Spinning Top Candlesticks
Spinning top candlesticks are found on stock charts and could be a bullish or bearish reversal sign. A spinning top candlestick is a sign of indecision in the market. However, this doesn’t come as a surprise because it’s apart of the doji candlesticks family. It has a thicker real body and could also be found in consolidation areas. Look for price break above or below candle to confirm direction.
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What Are Spinning Top Candlesticks?
Spinning top candlesticks are typically small candlesticks with a bigger real body that are found on stock charts near both support and resistance levels and signal indecision. The open and close is wider than a doji.
Spinning top candlesticks have short real bodies between long upper and lower wicks or shadows. Hence the smaller the real body, the more indecision the stock is in that day.
Spinning tops can look similar to long legged doji candlesticks when reading stock trading charts. That’s why you’ll hear us constantly saying not to get bogged down in the minutia. They may look similar and they also mean the same thing.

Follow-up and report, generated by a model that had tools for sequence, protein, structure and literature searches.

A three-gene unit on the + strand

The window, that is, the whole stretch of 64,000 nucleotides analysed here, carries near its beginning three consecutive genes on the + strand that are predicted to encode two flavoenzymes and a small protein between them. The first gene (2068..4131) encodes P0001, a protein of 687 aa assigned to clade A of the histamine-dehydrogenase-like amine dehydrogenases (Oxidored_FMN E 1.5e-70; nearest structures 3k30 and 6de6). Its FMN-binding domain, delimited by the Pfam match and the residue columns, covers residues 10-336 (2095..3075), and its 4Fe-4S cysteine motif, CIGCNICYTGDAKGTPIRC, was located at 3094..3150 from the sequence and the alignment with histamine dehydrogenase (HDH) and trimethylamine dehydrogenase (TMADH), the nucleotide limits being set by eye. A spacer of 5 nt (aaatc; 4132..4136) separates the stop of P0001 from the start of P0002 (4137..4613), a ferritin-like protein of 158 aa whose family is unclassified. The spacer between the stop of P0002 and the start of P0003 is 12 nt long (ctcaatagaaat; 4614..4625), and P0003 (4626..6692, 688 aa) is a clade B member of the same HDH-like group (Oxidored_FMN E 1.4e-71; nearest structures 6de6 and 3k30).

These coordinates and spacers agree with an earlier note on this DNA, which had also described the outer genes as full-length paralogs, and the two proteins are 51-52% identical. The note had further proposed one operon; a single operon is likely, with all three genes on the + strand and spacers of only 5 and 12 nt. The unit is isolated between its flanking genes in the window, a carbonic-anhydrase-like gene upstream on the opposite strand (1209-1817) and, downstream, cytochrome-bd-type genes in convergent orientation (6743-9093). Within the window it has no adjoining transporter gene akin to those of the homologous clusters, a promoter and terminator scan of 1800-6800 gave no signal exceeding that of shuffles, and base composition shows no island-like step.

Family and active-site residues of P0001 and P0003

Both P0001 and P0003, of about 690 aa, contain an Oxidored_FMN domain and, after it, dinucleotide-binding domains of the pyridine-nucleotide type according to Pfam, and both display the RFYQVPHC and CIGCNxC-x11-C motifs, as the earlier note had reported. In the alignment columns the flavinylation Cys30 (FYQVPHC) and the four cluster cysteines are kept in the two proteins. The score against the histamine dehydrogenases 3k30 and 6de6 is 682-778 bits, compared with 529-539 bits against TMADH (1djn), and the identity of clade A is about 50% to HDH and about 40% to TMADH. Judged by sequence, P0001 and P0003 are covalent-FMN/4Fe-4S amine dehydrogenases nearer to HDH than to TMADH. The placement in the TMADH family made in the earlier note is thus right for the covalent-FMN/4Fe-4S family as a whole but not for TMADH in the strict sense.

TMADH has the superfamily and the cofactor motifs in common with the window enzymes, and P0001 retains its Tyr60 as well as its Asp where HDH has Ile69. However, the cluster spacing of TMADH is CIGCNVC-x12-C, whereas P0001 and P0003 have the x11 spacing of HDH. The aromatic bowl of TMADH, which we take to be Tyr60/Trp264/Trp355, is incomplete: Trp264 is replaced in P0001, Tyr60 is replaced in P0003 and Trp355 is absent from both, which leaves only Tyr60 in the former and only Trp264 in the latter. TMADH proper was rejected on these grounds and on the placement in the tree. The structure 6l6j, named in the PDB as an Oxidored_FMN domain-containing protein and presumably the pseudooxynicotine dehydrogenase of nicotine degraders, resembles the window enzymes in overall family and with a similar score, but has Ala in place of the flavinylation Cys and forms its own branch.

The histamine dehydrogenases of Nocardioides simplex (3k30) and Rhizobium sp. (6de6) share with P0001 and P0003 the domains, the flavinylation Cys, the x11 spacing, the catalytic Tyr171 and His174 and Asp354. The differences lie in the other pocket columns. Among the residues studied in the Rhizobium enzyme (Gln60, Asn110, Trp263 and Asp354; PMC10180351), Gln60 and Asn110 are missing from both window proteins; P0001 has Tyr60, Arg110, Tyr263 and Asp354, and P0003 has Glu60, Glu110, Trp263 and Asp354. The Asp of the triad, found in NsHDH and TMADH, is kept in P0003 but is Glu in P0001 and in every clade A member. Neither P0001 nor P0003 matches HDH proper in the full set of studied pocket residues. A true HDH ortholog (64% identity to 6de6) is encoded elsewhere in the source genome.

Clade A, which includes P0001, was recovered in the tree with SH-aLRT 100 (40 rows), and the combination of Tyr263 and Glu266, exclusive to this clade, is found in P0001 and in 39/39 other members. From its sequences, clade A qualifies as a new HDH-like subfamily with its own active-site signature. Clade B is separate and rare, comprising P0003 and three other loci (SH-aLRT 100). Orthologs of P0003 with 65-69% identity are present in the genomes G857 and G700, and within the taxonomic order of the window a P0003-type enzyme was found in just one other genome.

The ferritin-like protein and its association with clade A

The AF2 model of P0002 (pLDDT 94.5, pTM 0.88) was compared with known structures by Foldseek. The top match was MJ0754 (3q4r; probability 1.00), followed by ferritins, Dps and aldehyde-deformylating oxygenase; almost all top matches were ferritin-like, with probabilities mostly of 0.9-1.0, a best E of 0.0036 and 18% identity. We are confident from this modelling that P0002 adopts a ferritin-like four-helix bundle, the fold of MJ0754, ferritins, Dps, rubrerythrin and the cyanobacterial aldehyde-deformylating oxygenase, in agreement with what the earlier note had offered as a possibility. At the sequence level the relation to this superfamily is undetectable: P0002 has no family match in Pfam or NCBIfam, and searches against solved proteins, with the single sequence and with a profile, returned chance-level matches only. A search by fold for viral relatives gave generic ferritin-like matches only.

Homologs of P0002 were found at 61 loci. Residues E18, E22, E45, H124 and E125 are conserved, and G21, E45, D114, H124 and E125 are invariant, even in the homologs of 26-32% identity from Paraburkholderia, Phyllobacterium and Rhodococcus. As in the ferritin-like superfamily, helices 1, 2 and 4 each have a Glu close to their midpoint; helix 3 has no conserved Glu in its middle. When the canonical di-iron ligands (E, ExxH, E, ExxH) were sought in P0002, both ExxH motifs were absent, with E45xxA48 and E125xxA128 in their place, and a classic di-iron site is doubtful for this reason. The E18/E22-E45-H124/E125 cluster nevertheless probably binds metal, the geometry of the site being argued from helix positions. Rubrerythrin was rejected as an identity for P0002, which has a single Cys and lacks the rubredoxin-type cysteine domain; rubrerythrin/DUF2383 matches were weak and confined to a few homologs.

The spinning top candlesticks are indecision candles because the upper and lower wicks didn’t affect meaningful change in price. The bulls sent the price high and the bears sent the price low.
Although price still closed near where it opened that day.
Spinning top candles are no different. The indecision of the spinning top candlestick is a sign of an upcoming trend reversal.
Spinning tops may not mean anything the day they form but they end up being a sign of a significant trend reversal.
When spinning top candlesticks occur at the top of a bullish trend, the bulls are losing control. Buyers are losing momentum and the shorts are coming in.
Conversely when the spinning top candlestick forms at the bottom of a bearish trend, the bears are losing control. The bulls are coming in to take the reigns. Sellers lose momentum as buyers coming to send the price up.
How to Trade Spinning Top Candlesticks
- Traders take a long position when price breaks above the high of the spinning top
- They use a candlestick close below the low as a stop level
- They take a short at the break of the low and use a close above high as a stop
Spinning top candlesticks can form a the the top or bottom of a pattern signaling the end of a trend. Look to see what pattern they’re apart of for confirmation of this reversal. If a spinning top candlestick forms at the end of a head and shoulders pattern, look out for a bearish reversal coming.